Characteristics of a Godly Man, Part 6

“But as for you, speak the things which are fitting for sound doctrine. Older men are to be temperate, dignified, sensible, sound in faith, in love, in perseverance” – Titus 2:1-2

Continuing our study of these two verses we now come to find that a godly man is to be sound, and that soundness extends to three areas, faith, love and perseverance.  The most logical place to begin is to define the word “sound.”  Very simply “sound” means, as we described before, being healthy.  Grammatically, “sound” refers to faith, love and perseverance, not simply to faith.  The definite article (the) is used before each of the three nouns and therefore reads, “sound in the faith, in the hope, in the perseverance.”

The faith is a reference to the body of doctrine in which Paul had “raised” Titus (see 1:4, 13; 2:1).  The problem in the Church today is, to borrow a line from Strother Martin’s character “Captain” in “Cool Hand Luke,” “What we got here is…failure to communicate.”  The Church, led by the Elders/Pastors have failed to communicate that sound doctrine that Paul taught, that which God preserved as His message in holy writ.  Instead the Church, under the guidance of many of its most famous leaders (i.e., Schuller, Warren, Hybels, has sought out the philosophies of men and pop-psychology for teaching its people, and business model’s for directing the organization of the Church.  What was left out of the mix was a firm commitment to sola-sciptura.  I do not write this to attack any individual.  I’m simply pointing out what has happened.  Here what I am saying (better yet, what Paul has said); the godly man is one who is healthy in his understanding of Bible doctrine.  Without the good healthy doctrine recorded in Paul’s writing’s there is no being a godly man.  The sooner we learn that and act appropriately the better off the Church of the living God will be.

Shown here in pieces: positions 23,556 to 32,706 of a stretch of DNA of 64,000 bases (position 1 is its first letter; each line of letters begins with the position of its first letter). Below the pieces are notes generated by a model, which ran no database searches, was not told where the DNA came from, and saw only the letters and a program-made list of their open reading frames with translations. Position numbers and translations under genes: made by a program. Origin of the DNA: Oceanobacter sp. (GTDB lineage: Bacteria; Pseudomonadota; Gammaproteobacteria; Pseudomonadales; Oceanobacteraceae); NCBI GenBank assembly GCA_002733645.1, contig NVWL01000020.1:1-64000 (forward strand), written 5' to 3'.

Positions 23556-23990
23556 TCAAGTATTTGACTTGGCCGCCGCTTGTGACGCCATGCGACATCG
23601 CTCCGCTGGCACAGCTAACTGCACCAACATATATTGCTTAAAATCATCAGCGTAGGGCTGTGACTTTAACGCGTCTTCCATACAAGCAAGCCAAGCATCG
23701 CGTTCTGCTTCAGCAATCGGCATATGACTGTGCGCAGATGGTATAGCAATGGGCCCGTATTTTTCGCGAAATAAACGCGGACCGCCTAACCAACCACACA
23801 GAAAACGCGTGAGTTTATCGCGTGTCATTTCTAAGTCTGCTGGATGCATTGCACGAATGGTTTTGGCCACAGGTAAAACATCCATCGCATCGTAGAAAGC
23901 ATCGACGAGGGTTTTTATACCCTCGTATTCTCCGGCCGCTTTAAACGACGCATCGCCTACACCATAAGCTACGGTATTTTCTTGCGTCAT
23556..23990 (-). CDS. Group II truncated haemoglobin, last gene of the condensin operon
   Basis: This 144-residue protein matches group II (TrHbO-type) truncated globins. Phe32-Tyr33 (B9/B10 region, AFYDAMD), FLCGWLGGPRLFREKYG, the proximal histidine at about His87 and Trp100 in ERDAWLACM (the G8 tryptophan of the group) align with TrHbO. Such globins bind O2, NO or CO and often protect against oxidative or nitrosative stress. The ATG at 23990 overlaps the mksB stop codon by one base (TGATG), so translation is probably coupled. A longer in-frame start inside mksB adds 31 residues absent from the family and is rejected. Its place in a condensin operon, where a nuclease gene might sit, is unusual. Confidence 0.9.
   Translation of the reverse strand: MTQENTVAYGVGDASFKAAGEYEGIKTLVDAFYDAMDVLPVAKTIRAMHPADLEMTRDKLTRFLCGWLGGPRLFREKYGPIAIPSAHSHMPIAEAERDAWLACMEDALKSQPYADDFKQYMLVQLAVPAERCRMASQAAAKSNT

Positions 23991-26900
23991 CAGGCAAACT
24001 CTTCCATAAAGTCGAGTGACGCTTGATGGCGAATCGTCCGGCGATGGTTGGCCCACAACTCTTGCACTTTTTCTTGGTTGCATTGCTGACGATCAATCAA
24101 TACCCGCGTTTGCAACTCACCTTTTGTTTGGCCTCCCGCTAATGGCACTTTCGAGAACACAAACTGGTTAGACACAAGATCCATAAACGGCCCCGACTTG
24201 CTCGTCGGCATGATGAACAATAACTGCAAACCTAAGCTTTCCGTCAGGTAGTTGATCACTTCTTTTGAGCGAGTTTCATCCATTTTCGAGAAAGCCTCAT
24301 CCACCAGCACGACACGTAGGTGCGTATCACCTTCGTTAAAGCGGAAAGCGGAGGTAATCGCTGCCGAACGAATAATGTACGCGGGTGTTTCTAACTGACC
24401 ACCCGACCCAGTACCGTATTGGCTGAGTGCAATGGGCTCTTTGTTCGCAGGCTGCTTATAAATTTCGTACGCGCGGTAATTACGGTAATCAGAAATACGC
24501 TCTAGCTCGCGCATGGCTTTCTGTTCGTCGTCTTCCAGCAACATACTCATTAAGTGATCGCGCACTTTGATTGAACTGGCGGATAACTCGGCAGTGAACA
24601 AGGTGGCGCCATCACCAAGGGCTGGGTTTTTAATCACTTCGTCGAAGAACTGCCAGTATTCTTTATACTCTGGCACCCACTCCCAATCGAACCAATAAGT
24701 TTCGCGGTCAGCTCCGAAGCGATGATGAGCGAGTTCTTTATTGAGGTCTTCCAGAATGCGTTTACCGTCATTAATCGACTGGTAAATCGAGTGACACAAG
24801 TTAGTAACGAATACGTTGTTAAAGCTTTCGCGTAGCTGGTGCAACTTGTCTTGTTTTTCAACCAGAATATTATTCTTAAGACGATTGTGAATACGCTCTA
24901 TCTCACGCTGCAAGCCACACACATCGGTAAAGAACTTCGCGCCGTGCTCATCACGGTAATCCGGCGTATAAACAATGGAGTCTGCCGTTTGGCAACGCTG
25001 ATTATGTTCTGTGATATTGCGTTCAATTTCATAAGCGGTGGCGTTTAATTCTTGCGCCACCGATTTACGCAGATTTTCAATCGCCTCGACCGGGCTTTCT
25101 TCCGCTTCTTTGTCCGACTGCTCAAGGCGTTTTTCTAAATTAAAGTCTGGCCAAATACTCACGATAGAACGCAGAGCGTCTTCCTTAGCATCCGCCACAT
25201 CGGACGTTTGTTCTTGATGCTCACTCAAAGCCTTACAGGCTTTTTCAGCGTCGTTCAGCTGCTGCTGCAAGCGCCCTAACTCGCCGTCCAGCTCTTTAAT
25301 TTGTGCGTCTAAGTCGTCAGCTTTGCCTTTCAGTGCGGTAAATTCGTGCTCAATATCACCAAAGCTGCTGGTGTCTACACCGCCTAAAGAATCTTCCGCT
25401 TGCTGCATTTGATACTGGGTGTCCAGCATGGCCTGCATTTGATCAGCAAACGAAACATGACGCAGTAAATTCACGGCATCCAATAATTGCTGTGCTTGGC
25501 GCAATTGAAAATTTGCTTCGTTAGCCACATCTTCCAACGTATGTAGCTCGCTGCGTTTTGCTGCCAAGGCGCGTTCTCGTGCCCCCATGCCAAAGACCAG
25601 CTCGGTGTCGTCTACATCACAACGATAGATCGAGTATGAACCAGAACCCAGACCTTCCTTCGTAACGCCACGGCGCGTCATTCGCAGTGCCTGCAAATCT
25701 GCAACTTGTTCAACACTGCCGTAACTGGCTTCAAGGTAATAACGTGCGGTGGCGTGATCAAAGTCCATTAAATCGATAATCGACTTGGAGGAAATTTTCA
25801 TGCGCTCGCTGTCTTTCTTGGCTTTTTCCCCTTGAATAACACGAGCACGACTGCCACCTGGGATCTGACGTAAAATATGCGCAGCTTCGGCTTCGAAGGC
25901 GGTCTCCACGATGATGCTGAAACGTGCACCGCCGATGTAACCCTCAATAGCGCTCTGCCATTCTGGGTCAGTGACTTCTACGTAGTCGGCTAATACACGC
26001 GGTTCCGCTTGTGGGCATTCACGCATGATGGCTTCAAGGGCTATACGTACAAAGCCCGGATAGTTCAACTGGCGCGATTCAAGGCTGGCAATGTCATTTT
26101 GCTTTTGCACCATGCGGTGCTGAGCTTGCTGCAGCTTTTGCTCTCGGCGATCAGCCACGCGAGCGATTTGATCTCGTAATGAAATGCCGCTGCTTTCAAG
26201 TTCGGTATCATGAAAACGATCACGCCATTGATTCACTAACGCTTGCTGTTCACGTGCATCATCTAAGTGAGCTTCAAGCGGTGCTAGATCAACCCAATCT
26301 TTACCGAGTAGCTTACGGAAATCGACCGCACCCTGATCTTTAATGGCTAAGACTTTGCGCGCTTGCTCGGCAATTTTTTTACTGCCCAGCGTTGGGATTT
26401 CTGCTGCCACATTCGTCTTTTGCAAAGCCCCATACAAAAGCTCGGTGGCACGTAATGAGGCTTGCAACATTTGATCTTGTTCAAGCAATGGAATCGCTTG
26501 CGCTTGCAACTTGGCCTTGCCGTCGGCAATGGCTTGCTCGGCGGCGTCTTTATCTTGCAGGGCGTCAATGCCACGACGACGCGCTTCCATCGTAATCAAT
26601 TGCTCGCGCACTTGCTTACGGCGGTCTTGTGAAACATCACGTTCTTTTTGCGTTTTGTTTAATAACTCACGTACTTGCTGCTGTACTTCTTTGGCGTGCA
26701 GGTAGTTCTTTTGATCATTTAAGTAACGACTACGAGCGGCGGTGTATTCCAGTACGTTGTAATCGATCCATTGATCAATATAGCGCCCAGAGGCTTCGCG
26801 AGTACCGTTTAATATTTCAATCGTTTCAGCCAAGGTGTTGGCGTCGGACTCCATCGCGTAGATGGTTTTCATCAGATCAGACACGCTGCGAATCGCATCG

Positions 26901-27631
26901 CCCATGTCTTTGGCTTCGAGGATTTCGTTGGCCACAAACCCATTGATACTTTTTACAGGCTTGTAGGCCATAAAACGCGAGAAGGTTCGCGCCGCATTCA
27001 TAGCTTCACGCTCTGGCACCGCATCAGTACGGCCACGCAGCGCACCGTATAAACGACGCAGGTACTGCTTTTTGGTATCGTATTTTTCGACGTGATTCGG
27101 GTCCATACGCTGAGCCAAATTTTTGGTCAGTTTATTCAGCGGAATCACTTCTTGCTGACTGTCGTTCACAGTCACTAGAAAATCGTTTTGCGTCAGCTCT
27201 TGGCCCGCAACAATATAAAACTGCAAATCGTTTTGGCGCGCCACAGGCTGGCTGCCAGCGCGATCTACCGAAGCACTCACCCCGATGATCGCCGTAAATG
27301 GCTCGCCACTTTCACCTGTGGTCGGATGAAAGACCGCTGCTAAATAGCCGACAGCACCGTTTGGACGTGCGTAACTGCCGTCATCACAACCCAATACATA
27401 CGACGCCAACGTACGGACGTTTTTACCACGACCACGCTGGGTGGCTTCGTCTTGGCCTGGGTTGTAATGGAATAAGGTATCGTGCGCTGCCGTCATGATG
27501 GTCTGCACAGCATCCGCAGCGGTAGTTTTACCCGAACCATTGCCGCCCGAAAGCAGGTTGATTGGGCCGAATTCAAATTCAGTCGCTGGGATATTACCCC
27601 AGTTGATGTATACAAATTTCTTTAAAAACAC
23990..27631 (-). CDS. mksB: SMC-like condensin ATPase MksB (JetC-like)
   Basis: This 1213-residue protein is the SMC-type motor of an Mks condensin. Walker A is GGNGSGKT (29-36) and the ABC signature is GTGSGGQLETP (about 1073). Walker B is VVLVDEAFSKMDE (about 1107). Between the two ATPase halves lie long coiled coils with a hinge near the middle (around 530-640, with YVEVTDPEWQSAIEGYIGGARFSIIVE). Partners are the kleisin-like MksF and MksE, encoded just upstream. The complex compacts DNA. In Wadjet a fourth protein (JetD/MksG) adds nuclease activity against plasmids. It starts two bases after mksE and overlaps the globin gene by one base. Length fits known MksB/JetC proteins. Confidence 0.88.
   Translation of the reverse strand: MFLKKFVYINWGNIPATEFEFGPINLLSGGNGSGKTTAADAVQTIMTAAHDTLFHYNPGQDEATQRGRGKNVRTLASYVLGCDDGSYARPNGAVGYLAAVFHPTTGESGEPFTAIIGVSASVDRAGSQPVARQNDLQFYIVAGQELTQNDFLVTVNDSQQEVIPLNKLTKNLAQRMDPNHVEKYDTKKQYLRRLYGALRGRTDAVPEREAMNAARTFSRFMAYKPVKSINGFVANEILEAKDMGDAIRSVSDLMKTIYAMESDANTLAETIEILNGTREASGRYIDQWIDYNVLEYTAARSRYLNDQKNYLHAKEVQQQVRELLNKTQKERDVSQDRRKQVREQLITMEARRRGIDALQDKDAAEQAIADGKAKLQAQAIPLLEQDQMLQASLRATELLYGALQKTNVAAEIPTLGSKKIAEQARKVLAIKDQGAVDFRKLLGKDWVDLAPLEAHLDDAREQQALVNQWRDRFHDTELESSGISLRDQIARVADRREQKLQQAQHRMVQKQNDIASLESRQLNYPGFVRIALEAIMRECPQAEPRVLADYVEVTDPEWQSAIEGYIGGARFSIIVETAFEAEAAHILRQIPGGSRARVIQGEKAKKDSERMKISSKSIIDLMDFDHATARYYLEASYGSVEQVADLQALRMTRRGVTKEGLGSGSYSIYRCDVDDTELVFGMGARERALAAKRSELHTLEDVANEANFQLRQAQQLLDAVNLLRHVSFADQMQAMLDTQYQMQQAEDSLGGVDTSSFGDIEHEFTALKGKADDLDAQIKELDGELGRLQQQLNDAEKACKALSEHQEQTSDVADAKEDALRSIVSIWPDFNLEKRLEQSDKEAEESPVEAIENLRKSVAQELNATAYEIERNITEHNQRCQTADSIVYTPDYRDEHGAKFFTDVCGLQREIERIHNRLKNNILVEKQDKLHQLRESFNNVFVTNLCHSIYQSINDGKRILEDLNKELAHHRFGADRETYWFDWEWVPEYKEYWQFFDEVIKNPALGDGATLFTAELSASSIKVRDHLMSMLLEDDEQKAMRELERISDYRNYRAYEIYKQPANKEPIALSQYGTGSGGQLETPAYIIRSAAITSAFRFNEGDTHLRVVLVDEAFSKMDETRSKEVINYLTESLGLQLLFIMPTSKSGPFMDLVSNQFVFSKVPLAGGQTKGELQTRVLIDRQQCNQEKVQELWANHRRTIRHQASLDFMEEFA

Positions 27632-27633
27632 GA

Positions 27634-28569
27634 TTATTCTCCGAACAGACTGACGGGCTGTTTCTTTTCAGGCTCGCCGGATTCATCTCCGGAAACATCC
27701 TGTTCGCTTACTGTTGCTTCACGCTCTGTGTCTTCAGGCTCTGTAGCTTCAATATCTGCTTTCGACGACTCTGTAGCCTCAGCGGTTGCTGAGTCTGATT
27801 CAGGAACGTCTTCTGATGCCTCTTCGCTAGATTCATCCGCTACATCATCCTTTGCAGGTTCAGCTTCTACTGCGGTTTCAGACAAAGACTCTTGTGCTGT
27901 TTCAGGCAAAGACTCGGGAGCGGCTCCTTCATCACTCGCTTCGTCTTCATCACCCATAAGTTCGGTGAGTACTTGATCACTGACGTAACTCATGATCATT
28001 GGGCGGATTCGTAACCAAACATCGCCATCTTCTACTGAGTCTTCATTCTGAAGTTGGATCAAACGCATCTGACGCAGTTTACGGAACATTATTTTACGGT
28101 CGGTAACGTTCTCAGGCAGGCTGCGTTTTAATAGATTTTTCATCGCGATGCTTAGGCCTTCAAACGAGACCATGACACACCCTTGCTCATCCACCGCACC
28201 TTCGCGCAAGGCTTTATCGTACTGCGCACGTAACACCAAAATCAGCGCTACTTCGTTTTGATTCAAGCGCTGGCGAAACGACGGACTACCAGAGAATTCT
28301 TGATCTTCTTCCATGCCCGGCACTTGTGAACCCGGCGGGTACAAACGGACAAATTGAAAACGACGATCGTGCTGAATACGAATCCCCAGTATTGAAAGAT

NOTE: At least one commentator has determined that “sound in the faith” is in reference to the exercise of personal faith.  There is good argumentation in favor of this view, but there is not the time or space to discuss that here.  I will simply say this; it seems most logical to hold to the idea that “faith” refers to doctrine because one cannot exercise healthy personal faith without a proper understanding of the object of that faith.  Healthy doctrine leads to the exercising of healthy faith.  Whether this is what Paul is referring may be open to debate, but this is where I will stand. END NOTE.

We are also to be healthy in the love.  Greek scholar Kenneth Wuest describes the love as, “agape…, referring to that love produced in the heart of the yielded saint by the Holy Spirit.”  Agape has been defined as “love for someone or something, based on sincere appreciation and high regard” (Louw-Nida).  This love is directed at both God and man.  Towards God as the godly man’s expression of the highest regard and appreciation for God as our Savior, Lord, and Sovereign Ruler of all things.  Towards man as we hold our wives and children in the highest regard, and towards other men as we do all within our power to live in peace with all men while sharing the truth of the gospel with those who need to hear.